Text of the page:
Someone Comes to Town, Someone Leaves Town is, well, it's interesting. Not just because the main character is the offspring of a mountain and a washing machine. Not just because it's a blend of modern fantasy and cyberpunk. Because it's written by Cory Doctorow, and the man cannot help but be interesting.

Names Schmames

Doctorow's main character and his family members all have a rather peculiar naming convention: they are simply alphabetized and will respond to any name that begins with their letter. In order, they are: the protagonist (usually referred to as Alan), who possesses extraordinary self-regeneration powers; a prophet; an island; an undead (usually referred to as Dave or Davey); and three nesting dolls. Needless to say, they had a complicated childhood.

Other groups of characters follow alphabetical naming patterns (but none of them have indeterminate names), such as Alan's four neighbors: Krishna, Link, Mimi, and Natalie.

The Cyberpunk

Alan moves to Toronto, and meets a dumpster-diving punk named Kurt, who is trying to fight the man by spreading free WiFi access across the entire city. Alan assists him, but then seeks out the help of the largish ISP that serves the area, which agrees to work with them on the project.

There ends the traditional cyberpunk of this novel. Technology might be changing things, but the social order isn't one of them this time. The big corporations aren't the enemy, and the government isn't out to steal your brains. On the other hand, the presence of technology in the story is not something to be completely overlooked, but it is just not given center stage.

The Fantasy

Now, this is where Someone Comes to Town, Someone Leaves Town really shines. Alan's got two problems on his plate: his brother Davey has shown up, trying to torture him over things in his past and one of his neighbors has wings. Alan's choices to resolve both of these situations really show his true character, but I don't want to make them clear as it would give away the ending.

What I can say is this: Doctorow has managed to create a modern fantasy world that could easily exist right now, and he's managed to do it without squirreling it away in the mountains like Rowling did with Harry Potter. Also, by not filling in the edges of his fantasy world completely, he leaves the reader with a nice impression of an unfinished world. Unfinished in this sense is in no way negative, rather, it offers up the continual yearning for more about the world to exist.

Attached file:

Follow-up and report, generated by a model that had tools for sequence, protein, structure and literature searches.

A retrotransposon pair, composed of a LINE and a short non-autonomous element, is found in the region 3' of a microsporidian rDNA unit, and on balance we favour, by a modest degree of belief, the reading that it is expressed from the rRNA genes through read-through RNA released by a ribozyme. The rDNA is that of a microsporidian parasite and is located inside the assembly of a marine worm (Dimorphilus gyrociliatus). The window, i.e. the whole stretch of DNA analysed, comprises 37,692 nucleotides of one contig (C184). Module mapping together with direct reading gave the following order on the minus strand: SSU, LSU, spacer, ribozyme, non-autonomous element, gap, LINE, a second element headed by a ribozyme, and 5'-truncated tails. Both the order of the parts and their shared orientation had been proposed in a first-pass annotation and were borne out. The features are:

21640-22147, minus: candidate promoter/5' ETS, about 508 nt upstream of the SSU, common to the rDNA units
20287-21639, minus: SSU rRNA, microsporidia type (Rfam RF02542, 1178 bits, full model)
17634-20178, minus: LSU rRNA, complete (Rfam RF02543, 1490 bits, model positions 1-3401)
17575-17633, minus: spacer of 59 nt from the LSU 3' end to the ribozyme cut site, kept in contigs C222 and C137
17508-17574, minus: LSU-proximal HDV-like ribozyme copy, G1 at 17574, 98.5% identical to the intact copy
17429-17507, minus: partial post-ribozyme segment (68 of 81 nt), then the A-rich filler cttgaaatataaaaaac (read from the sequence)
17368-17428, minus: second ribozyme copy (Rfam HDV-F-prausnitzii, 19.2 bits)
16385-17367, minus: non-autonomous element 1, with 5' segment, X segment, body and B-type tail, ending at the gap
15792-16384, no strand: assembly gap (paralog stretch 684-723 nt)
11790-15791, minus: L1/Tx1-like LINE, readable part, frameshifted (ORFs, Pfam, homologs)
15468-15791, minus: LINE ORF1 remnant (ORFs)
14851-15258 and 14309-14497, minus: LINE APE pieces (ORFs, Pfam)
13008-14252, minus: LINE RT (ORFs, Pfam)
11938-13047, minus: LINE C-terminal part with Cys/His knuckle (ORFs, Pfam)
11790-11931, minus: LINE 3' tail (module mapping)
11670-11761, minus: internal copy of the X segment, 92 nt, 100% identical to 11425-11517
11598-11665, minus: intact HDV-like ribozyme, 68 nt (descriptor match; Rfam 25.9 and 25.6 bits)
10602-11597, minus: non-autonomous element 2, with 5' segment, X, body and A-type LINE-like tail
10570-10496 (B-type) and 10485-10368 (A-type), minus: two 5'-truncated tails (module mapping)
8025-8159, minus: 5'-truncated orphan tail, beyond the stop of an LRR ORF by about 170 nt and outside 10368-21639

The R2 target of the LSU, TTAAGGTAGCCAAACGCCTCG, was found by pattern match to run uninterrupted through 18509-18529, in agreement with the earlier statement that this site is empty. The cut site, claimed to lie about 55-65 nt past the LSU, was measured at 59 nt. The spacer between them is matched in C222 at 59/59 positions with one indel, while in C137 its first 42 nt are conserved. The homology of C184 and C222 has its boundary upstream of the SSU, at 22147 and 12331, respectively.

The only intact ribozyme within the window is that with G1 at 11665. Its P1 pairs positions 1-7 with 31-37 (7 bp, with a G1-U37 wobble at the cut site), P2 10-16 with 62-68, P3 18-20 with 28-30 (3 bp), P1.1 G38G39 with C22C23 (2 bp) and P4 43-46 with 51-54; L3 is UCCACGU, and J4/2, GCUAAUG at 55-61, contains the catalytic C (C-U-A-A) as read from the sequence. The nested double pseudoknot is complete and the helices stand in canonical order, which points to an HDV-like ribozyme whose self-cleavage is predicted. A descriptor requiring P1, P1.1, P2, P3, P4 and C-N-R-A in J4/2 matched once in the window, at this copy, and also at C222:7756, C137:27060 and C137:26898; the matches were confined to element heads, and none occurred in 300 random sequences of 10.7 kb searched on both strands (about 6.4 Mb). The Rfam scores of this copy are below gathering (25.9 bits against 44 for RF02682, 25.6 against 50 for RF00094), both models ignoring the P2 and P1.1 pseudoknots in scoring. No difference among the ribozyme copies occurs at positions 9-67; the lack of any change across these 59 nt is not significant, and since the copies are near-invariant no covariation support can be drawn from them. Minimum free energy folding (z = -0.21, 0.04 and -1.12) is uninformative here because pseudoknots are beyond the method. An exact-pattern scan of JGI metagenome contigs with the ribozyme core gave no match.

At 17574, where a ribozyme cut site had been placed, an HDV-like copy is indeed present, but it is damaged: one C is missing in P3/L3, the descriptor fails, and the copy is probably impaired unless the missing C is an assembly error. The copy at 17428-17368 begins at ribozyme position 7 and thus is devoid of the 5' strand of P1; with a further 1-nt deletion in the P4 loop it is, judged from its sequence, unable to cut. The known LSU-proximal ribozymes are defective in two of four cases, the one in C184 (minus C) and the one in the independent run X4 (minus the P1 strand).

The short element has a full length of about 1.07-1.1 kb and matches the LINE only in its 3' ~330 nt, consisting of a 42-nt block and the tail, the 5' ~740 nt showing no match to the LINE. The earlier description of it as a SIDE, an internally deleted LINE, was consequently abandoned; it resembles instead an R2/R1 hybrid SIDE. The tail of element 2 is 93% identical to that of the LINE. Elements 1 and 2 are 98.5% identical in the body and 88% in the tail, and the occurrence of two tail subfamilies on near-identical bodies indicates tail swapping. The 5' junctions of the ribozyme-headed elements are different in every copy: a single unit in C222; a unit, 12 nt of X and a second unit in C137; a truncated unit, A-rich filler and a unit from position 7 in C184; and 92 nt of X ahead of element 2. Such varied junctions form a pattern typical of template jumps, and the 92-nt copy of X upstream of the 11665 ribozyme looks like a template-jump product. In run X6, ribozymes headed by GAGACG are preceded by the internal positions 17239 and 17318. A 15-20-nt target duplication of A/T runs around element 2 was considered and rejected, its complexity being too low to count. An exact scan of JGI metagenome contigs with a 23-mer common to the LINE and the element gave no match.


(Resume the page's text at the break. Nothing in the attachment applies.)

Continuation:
Overall, Someone Comes to Town, Someone Leaves Town deserves a nice happy space on the bookshelf (or the hard drive1). It is well-written, holds your attention, and provokes some great thought.

Someone Comes to Town, Someone Leaves Town is a truly odd book. It is a mix of hard science fiction and modern fantasy, full of magic that is so inexplicable as to be surrealism and technology that is so mundane as to hardly qualify as fiction. This is the strangest of any Doctorow book I've read, and may actually be the strangest book I've ever read. But it is also quite good.

The story is split between two very different story lines. The first is a rather slow and mundane campaign to set up an anarchic mesh wireless network to provide free wireless internet access for all of Toronto. This is an arduous process of dumpster-diving for old computers to scavenge hardware, and then convincing local business owners to host wifi routers. This is reminiscent of many of Doctorow's other works, including For The Win and Little Brother, although SCtTSLT less groundbreaking and dramatic of the technological front.

The second story line... well, webmaren said it best: the main character is the offspring of a mountain and a washing machine. The tale of his family is a long and odd one, and while the reader slowly becomes accepting of the fact that a family can indeed include appliances and landmasses and other strange things, the inexplicable is never explained. It just so happens that these things exist in the world, and that's that. And, once you get into the book, it's kindov cool. The rather dark and mysterious nature of these magical happenings is quite pleasing once you get over the initial appearance of silliness (this is not a silly book). His fantasy reminds me strongly of James P. Blaylock. although stranger.

There are other, lesser, story lines, all interesting and neatly interwoven. A large part of the story involves the main character's evil brother, who is truly evil, torturing for the fun of it, killing when it pleases him, and generally making his family's life a living hell. Then there are the stories of other characters, including an imaginary one and a supernatural one, but there's no need for spoilers.

Overall, this book is well worth reading. I would like to emphasize that I myself wouldn't be overly excited about hunting down the book after reading these reviews; I don't feel that any review can do the story justice without spoiling the story. I recommend reading it anyway. The writing is a bit unpredictable at times, and to some extent this includes the first chapter. The book starts out... almost boring. If you find the start of the book uninteresting, push through, it gets more interesting. If you find the main character boring and patronizing, keep reading, he develops nicely.

Best of all, the book is free, released by the author under the Creative Commons license. You can download it in any number of formats here, read it on-line here, or even download the podcast here.

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